Promotion for free
Ayers grudgingly agrees. ‘I've lost count of the times my sales team has contacted a PR agency about selling space on Tiscali.co.uk for a new film, only to find that the same agency has asked my film editor if it can run the promotion for free,' he says.

‘These conversations have to be ironed out, but everyone is in a difficult situation because online editors always want content, so PROs are rightly asking why they should pay for ad spots,' he admits.

This may sound like good news for PR professionals, but the panel unanimously shares Ayers's concern that oversupply restricts commercial opportunities, especially around exclusive content. However, few call for less content – what they want is better content and, if they can get it, exclusive content. ‘In terms of The Sun Online, many PROs do not realise that nearly 70 per cent of our content is original and needs to be sourced one way or
another,' says Picton.

‘What we often get sent is rubbish. A criticism of PR people I deal with is that they don't contact us with as many exclusives as our print colleagues get. This is partly because of our own finances and partly because PROs cheapen their material by sending it to all and sundry, and do not consider us for exclusives.'

This dearth of good content and exclusives is flagged up by the rest of the panel. ‘Websites are still not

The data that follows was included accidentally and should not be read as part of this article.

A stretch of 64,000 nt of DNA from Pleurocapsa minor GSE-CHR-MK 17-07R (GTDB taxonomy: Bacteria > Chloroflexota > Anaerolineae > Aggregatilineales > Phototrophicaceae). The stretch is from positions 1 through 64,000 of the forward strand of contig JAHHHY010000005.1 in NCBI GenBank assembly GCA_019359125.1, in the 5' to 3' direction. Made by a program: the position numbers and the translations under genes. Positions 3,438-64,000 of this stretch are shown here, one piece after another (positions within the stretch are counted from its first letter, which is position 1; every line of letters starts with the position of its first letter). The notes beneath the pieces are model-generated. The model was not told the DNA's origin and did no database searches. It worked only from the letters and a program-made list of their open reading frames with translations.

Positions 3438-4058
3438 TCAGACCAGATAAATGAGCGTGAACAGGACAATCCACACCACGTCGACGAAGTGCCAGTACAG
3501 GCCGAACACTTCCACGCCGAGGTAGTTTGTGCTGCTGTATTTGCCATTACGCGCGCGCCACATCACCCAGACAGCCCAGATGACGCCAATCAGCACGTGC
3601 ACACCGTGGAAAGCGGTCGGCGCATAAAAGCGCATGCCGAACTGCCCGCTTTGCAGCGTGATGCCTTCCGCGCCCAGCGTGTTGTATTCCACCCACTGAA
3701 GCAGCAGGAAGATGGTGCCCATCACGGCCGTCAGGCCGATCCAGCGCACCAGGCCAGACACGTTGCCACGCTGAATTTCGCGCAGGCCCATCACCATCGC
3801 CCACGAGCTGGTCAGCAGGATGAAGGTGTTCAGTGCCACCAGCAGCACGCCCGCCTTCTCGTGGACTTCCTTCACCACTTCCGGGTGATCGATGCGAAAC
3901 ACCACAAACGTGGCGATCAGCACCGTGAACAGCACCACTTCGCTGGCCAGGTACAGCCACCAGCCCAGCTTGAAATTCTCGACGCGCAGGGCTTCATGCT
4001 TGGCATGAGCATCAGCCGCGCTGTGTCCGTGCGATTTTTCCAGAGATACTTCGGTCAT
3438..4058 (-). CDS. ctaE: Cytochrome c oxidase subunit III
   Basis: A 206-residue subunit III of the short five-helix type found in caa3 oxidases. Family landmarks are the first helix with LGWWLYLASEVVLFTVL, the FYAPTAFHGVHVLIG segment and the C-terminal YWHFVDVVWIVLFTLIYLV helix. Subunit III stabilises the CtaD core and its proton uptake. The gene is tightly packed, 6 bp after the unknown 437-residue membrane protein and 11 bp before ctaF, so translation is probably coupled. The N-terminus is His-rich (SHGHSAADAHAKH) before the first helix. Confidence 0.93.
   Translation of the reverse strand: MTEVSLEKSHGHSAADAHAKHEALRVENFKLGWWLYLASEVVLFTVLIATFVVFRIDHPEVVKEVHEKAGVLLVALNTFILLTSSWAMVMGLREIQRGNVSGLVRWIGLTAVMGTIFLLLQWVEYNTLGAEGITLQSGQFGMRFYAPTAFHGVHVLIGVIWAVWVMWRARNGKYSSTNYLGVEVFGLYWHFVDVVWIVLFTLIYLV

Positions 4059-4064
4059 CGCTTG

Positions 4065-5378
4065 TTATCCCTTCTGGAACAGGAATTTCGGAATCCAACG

considered to be in the main pack of outlets,' argues Finlay. ‘Two recent examples stick in my mind. The Royal Academy's press team is one that does consider us first. It rang us up at BBC Interactive for a recent art exhibition and we were first to show an online slide-show of the paintings. We got the exclusive. The Tate Modern, on the other hand, is not as good at inviting us to similar events, which subsequently get smaller, picture-caption stories.'

Rodrigues adds: ‘The PROs with whom I deal at FHM, especially offline ones, don't really know how our digital team works. You get a sense that PROs put their print, TV and radio plans into action, and then tack online to the end. For us, that's not good enough. There is so much that can be leveraged – virals, videos, competitions. Just don't try and give it to everyone else as well.'

Cost and measurement
There is obviously a catch-22 here. Online publishers want good content. And PROs need to produce good material for them. But to do so, PR teams have to persuade their clients that the spend is worth it. Cost does not only come from production of the material, but the fact that many specialist online PR agencies provide the IT backup to support downloads of virals, podcasts or other streamed media.

If publishers want higher-quality content, they should perhaps better co-operate with PR professionals in terms of providing data about their readers. Sloan says: ‘The traceability of the internet should be in our favour, but measurement is still a problem against which PR agencies have to struggle.

‘For big projects, the value of a campaign is obvious – Sky recently approached Way to Blue to see how best we could distribute a Simpsons viral. We placed it on selected sites, such as The Sun Online and gossip/
entertainment portal Holy Moly.